Last week EFF attended the Global Conference on Cyberspace (GCCS) in New Delhi, India, as one of a small handful of nonprofit organizations invited to participate. This was the fifth in a series of conferences sometimes called the London Process, after the first event that was held in London in 2011. Focusing on international cybersecurity issues, it is a counterpart to other regular government-organized Internet conferences, such as the Freedom Online Coalition (FOC) conference which focuses on Internet freedom and human rights, China’s World Internet Conference which focuses on the digital economy, and the International Telecommunications Union’s WSIS Forum which tracks Internet for development goals.
What these government-led conferences have in common are a lot of long speeches by dignitaries, a schedule of panels or workshops, and usually the issuance of a fairly anodyne closing statement or set of principles. Due to the glacial pace of the talks and similar phrasing of these output documents, it can be easy to dismiss them as unimportant, particularly in comparison to the more dynamic debates that occur in national parliaments. However, they can signal subtle but important shifts in Internet policy for governments, and over time can result in the alignment of countries to new norms of global Internet governance. For example, the output document from the first Freedom Online Coalition (FOC) conference contained one of the earliest statements of the principle that the human rights people have offline are the same online, which was subsequently reflected in a resolution of the United Nations Human Rights Council, and now influences national courts and parliaments.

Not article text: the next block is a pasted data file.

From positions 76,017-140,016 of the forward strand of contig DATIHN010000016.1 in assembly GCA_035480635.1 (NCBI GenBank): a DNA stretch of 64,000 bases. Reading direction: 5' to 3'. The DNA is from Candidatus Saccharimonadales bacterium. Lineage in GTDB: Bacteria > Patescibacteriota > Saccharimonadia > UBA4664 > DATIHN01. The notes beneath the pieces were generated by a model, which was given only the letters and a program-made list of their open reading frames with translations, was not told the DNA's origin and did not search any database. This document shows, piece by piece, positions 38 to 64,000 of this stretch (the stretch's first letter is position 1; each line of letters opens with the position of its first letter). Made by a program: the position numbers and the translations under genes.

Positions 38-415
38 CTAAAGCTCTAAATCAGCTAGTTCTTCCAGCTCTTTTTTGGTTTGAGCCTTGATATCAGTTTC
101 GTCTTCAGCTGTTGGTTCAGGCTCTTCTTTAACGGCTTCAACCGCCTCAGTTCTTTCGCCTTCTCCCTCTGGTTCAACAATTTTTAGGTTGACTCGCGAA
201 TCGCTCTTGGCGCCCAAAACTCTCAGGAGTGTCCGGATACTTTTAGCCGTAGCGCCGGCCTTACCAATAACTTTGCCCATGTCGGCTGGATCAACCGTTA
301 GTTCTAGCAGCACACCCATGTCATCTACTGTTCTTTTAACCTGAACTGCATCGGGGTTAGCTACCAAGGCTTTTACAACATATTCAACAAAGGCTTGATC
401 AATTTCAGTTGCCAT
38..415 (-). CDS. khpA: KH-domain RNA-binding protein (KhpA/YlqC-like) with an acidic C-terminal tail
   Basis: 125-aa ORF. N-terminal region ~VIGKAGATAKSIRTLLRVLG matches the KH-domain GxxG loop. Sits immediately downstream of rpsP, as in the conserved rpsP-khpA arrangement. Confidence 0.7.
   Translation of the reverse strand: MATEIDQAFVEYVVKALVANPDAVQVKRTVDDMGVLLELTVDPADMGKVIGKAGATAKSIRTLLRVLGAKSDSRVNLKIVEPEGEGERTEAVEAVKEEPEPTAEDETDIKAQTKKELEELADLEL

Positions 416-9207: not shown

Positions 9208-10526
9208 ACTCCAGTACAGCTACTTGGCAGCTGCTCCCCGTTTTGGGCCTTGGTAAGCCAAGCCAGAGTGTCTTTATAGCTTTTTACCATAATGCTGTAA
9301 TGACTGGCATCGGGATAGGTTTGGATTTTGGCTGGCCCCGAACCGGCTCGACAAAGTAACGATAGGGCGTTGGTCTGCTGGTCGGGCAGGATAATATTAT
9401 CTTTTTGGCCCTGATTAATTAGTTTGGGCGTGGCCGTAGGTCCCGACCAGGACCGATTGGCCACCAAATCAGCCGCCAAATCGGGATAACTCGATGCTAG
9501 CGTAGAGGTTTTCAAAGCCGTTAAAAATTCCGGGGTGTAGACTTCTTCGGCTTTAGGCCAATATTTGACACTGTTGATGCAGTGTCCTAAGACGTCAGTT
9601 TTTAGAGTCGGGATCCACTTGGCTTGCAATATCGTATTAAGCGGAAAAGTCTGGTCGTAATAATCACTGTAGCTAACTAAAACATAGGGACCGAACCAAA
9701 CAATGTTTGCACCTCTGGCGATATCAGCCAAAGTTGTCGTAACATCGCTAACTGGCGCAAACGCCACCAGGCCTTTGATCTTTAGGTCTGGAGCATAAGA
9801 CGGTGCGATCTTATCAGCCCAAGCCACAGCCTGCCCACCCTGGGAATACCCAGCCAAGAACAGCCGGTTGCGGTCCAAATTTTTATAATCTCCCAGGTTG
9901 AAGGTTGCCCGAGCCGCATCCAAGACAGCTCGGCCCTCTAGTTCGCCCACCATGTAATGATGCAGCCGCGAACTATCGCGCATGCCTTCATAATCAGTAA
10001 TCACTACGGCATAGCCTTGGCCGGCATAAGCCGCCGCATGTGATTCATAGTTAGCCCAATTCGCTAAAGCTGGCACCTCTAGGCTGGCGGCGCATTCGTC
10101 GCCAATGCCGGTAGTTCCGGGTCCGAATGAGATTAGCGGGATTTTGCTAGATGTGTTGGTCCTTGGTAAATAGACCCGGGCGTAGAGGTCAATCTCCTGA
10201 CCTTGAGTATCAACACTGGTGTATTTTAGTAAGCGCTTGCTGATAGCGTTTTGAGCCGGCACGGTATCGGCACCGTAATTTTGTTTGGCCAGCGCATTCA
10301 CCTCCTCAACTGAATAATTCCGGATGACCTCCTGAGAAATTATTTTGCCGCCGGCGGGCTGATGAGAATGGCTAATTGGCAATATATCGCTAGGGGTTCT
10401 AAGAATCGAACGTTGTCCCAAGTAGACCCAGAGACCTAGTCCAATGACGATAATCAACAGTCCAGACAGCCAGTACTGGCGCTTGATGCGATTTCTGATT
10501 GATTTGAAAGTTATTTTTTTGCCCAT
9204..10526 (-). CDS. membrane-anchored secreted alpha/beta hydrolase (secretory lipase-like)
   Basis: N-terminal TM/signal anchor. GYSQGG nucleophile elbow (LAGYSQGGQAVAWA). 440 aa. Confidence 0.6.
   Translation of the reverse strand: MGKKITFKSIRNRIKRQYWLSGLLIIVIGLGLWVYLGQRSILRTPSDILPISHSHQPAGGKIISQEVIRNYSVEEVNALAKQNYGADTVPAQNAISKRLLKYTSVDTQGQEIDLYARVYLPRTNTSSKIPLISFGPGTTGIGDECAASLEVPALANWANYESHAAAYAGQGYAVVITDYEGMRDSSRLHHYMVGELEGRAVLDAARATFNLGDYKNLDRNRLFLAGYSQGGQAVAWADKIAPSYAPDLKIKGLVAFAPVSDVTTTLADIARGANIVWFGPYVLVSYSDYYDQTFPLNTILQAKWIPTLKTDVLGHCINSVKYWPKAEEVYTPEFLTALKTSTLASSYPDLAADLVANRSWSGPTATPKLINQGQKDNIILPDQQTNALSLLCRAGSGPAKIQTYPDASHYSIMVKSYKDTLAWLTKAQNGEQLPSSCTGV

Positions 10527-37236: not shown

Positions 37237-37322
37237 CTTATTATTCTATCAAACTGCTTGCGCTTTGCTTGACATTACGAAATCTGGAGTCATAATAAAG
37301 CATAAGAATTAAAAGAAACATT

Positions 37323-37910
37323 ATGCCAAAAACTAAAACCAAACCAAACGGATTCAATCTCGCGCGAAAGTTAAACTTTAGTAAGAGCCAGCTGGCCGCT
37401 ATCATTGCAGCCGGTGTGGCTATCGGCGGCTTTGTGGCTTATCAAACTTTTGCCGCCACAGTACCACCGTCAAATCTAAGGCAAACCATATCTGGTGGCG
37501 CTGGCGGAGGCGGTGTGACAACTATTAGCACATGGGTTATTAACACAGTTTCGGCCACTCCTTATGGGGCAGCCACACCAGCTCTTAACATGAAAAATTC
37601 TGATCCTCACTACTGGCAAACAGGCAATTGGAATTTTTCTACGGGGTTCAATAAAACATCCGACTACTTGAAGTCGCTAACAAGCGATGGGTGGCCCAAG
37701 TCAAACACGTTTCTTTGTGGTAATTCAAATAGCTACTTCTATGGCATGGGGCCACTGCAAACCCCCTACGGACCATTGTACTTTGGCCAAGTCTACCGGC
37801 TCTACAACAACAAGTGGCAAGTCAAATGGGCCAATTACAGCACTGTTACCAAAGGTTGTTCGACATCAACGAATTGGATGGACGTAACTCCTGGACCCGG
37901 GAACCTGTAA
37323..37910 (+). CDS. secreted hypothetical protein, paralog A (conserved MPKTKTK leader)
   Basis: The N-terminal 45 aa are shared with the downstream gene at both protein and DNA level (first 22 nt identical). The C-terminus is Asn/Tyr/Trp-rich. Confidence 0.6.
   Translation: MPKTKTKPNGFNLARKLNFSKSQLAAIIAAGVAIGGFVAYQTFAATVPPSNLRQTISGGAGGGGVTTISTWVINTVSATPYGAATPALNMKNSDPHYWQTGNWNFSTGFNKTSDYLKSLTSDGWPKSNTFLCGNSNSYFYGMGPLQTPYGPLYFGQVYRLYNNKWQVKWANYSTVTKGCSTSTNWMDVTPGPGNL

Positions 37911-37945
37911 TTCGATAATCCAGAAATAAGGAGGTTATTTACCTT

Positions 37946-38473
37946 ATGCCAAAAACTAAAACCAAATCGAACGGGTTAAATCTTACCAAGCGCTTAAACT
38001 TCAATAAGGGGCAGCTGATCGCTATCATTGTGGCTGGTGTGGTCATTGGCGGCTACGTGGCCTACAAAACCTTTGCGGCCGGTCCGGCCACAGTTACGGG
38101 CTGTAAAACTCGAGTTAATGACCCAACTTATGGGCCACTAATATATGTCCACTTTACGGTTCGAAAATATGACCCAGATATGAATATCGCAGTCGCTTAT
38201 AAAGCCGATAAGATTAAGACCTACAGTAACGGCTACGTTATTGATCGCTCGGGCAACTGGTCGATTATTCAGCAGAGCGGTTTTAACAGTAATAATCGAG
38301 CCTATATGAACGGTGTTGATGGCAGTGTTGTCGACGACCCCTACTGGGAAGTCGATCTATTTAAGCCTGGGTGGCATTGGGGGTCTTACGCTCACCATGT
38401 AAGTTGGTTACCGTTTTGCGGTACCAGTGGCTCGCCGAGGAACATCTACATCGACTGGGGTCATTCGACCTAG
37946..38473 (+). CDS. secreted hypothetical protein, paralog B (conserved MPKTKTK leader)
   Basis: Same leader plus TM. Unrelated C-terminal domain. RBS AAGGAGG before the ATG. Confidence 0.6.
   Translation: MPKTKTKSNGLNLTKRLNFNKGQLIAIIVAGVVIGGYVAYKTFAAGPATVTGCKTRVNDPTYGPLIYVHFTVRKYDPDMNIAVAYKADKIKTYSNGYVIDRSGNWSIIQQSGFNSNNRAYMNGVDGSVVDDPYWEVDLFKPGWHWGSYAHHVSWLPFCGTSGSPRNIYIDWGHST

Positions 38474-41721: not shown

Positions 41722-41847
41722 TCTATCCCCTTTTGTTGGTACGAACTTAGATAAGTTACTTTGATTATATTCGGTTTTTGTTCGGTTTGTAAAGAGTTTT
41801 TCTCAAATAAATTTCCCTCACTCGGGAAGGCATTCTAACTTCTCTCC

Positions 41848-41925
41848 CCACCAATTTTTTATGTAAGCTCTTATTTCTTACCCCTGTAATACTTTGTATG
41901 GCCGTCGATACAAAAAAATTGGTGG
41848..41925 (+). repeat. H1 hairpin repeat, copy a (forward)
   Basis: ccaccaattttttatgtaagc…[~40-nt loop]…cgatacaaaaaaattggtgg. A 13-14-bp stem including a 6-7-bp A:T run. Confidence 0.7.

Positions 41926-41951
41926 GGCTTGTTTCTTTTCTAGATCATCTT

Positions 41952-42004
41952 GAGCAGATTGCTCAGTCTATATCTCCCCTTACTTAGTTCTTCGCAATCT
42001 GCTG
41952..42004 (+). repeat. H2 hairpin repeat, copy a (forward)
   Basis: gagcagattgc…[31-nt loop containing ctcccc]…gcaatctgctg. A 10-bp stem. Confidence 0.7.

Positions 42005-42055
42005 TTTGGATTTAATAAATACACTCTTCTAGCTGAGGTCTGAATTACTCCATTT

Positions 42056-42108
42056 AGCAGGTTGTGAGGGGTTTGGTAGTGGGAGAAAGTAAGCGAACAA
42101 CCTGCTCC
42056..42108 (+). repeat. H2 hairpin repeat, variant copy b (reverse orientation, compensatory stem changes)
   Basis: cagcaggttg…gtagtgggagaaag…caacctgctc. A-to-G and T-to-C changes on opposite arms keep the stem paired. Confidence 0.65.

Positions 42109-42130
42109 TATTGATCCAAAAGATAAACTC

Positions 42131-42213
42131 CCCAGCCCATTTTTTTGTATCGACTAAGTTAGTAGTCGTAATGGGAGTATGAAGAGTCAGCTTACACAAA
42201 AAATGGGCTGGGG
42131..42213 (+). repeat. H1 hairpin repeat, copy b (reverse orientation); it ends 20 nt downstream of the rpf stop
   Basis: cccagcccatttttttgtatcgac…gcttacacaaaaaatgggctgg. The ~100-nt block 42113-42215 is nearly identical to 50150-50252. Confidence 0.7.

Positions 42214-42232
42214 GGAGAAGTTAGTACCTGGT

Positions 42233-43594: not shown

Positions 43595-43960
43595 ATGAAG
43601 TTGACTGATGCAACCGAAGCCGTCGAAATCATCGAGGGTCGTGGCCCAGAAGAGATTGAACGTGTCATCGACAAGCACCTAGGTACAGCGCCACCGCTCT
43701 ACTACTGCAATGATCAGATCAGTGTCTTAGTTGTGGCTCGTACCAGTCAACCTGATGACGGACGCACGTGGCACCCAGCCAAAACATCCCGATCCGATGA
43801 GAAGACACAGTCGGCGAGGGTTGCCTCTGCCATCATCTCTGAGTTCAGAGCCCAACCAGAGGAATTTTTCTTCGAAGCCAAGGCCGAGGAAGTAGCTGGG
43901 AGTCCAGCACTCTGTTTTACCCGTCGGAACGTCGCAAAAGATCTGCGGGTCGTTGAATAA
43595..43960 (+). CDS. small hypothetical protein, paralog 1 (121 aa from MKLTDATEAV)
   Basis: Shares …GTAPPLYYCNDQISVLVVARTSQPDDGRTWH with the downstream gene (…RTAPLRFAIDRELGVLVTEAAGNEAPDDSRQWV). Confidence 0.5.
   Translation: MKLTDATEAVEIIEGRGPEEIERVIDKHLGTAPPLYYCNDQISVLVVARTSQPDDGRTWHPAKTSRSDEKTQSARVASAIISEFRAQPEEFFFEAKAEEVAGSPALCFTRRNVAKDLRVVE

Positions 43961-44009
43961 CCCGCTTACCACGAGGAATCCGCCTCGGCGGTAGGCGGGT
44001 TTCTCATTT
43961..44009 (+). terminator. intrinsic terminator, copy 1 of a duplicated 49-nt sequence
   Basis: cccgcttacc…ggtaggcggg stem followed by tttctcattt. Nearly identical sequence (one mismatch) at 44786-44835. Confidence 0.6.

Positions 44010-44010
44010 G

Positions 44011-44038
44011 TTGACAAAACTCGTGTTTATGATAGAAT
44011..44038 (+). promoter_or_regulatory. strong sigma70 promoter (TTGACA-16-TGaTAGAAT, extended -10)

For this reason it is important that civil society be given the opportunity to contribute to the development of the output documents of governmental Internet conferences. The changes we are able to effect to such documents may be minor and their repercussions hard to gauge in the short term—such is the nature of global Internet policy development—but without external review and input, we can be sure that the resolutions of governments will be less inclusive, less well-informed, and less democratically legitimate.
Here is where this week’s Global Conference on Cyberspace fell down. Unlike at previous GCCS events—the 2015 Hague conference being a high point—only token efforts were made to include civil society representatives in the development of the conference outcomes, which were developed almost exclusively by government representatives behind closed doors. Particularly excluded, ironically, were civil society representatives from the host country of India, who found themselves unable to register for the event, even while foreign guests were welcomed. EFF was fortunate to be invited (two weeks prior to the event) to moderate and speak at a panel on the free and open Internet, while many others who wished to be involved were excluded.
This year, the most interesting normative development came not from the formal GCCS event, but from a side-event held by the Global Commission on the Stability of Cyberspace (since it has a confusingly-similar acronym, GCSC, we’ll call it the Commission). The Commission, much like the similar Global Commission on Internet Governance that completed its work last year, is an official-sounding body that is actually convened outside of any official international organization such as the United Nations, with the aim of bringing together experts from across stakeholder groups to develop proposals for global Internet governance norms.